Biochar is a naturally occurring substance that has been around for literally thousands of years. It is the solid output resulting from organic matter being heated in an oxygen limited or deprived environment. It differs from charcoal in that it is engineered and produced in a sustainable manner and is suitable to be used in soil.
The discovery of biochar in areas of the Amazon Basin inhabited by pre-Columbian Amazonians points to intentional creation of this carbon-rich residue as part of historic farming practices. These extensive areas of dark, fertile soil are believed to be responsible for the growth of the Amazonian population due to the productivity of their crops. Unlike the product of wildfires where the organic matter is often completely destroyed, this “terra preta” resulted from organic matter being set aflame and then buried.
Only recently has biochar come to be commercially produced and marketed as its benefits have been recognized. When manufactured in a controlled environment, biochar can be engineered for effectiveness in a variety of applications. Its chemical structure makes it difficult for microbes in the soil to break it down.
The long pores of biochar’s physical structure cause it to adsorb certain types of molecules and retain them. It can attract nitrogen and phosphorus from the surrounding soil and hold it where plant roots can reach it and draw on it during the growing season. It can sequester many times its weight in water for long periods of time without being affected by evaporation. Beneficial soil microbes can also be held in the biochar’s pores and not dispersed by watering or rain.
When used as a soil amendment, biochar may also be an immediate solution to reducing the negative impacts of farming and its inherent agricultural waste. It can also sequester the carbon from the burning and natural decomposition of trees and agricultural matter in the soil, potentially reducing greenhouse gases. Its presence in the soil can also improve water quality, increase soil fertility, reduce nutrient leaching, raise agricultural yields, and reduce the pressure on old growth forests.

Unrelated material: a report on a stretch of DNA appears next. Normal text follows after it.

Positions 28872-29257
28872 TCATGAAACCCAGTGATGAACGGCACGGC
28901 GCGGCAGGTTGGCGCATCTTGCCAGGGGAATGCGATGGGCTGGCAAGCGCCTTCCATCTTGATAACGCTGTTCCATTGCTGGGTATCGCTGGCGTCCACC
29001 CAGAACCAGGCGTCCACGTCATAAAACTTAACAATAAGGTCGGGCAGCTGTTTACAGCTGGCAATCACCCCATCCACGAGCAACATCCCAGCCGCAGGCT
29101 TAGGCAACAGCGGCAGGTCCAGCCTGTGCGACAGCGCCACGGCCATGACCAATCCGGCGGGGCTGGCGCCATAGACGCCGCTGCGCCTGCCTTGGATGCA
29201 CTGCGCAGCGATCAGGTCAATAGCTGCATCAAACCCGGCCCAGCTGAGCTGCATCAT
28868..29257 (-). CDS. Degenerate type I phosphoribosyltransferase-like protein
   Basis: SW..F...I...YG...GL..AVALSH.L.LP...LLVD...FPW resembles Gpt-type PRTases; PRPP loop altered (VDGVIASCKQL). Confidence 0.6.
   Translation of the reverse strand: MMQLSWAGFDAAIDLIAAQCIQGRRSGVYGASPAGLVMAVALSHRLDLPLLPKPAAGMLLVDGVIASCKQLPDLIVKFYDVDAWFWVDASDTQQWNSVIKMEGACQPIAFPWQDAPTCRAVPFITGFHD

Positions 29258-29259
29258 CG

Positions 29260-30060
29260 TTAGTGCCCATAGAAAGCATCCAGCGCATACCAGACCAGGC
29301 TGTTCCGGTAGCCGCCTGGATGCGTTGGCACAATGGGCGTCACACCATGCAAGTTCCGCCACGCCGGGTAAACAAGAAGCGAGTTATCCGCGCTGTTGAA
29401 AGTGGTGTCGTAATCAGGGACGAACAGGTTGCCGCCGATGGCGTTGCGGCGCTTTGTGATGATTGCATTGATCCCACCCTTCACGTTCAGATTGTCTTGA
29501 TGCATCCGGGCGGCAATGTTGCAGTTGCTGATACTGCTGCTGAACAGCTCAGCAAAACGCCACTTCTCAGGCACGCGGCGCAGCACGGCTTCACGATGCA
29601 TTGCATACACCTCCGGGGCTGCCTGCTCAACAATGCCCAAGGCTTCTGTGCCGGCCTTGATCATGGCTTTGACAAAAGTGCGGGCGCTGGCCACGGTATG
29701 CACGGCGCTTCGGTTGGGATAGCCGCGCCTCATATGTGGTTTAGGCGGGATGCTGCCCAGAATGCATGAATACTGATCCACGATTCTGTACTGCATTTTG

Biochar is produced by thermal decomposition of biomass in an oxygen deprived environment. This process is called pyrolysis and can produce liquid (called bio-oil) and gas (called syngas) products along with solids (the biochar itself). How much of each is produced depends on the temperature at which the biomass is processed.
Biosphere-BioChar™ is manufactured through our proprietary pyrolysis systems from R&R Technologies, inc.
Biosphere-BioChar™ products are made from renewable wood resources that have been harvested in an environmentally responsible manner. They are processed to be highly porous and have a large surface area which retains water and nutrients and makes them available to a wide range of crops.
Our biochar manufacturing process is ideal when events such as bark beetle infestations have occurred. The pyrolysis process destroys the bugs and converts the infected trees into biochar that can be used to regrow forests or contaminated land.